Do I Use Ice or Heat?

Heat and ice treatments are popular treatments methods used every day, although are often misused.  However, using the wrong one could slow down the recovery process or even make the problem worse.  So when should you use heat and when should you use ice?

Ice can be used following acute injuries with inflammation.  For example; a lateral ankle sprain.  It can help calm superficial tissues that are red, hot and swollen, like the skin and underlying structures.  Inflammation is a normal process that needs to happen following injury, to allow recovery, however can be incredibly painful.  Ice is an easily accessible, drugless way of minimising the pain.  Ice will:

  • Reduce bleeding to the tissues
  • Prevent/reduce swelling
  • Reduce pain through numbing

Heat can be used for muscle soreness, chronic pain and stress.  It can assist in relaxing and reducing painful muscle spasm and trigger points, or conditions that are associated with them.  For example; muscular neck and back pain.  Heat causes dilation (widening) of blood vessels, bringing more blood to the area to stimulate tissue healing.  It can ease muscle stiffness by making the muscle more pliable, relieving pain and spasm.  Heat is often useful is the following situations:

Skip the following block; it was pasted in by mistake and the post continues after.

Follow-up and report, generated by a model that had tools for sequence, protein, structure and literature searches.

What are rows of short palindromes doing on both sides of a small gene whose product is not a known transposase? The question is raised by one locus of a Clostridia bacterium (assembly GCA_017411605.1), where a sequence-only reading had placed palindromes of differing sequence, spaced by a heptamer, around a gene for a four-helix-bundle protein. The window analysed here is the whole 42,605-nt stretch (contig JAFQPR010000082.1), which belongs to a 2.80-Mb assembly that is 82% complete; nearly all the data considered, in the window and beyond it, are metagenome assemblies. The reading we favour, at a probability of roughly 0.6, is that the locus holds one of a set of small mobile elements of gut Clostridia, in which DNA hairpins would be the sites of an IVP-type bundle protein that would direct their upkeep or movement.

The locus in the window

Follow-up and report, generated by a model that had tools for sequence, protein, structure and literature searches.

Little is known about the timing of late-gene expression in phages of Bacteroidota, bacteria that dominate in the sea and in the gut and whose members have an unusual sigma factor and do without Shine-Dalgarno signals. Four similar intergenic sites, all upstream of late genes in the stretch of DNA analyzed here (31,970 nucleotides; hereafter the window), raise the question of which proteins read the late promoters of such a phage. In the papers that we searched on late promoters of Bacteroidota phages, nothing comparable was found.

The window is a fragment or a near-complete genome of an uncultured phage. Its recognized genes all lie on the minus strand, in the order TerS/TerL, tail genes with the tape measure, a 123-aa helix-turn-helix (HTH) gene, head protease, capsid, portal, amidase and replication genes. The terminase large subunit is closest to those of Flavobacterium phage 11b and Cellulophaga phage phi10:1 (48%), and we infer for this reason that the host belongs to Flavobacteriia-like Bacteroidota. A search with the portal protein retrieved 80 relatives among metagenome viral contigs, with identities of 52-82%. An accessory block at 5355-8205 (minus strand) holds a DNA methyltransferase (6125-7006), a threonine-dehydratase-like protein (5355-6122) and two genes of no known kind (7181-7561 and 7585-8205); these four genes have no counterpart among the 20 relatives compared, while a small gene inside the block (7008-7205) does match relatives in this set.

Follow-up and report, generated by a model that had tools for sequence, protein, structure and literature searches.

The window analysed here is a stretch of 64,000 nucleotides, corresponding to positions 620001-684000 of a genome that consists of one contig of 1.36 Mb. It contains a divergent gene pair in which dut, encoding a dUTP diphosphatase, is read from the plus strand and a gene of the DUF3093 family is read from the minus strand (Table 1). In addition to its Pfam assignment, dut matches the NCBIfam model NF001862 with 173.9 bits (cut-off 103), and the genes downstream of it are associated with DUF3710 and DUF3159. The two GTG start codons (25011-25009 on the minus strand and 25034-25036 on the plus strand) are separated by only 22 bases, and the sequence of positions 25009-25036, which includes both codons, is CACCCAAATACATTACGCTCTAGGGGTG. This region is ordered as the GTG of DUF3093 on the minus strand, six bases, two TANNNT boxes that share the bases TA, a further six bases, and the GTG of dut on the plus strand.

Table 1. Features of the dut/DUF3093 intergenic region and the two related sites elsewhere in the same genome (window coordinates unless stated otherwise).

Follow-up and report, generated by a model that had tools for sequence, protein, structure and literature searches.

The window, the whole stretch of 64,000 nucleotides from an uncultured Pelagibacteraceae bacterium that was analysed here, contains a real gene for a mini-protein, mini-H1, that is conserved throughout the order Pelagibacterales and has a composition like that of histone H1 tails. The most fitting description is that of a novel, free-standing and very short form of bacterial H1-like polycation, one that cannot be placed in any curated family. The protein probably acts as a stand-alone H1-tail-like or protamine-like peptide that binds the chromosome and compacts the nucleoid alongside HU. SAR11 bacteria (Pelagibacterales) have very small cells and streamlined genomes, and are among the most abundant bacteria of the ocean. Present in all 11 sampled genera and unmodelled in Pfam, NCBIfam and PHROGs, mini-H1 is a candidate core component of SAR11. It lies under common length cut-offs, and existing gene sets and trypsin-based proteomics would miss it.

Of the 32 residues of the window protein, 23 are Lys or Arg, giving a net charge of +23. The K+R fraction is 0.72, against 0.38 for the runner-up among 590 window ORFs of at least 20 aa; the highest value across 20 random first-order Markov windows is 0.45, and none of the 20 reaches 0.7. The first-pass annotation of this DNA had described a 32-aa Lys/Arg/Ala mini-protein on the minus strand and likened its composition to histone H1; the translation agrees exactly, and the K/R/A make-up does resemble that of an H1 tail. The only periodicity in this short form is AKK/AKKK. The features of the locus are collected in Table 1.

• Aching muscles
  • Fibromyalgia
  • Cramping/spasm

Common applications of heat include; wheat bags, heat pads, deep heat cream, hot water bottle or heat lamp.

So when should you not use them?

Heat and inflammation are not a good match.  Heat should not be used on a new injury, it will enhance bleeding under the skin and may be detrimental to recovery.  It may encourage excess swelling, therefore limiting range of motion and causing more pain.

Ice can aggravate muscle stiffness and pain.  However, sometimes it is easy to identify trigger points as an ‘iceable’ injury.  This may develop the pain further and cause an acute burning sensation.

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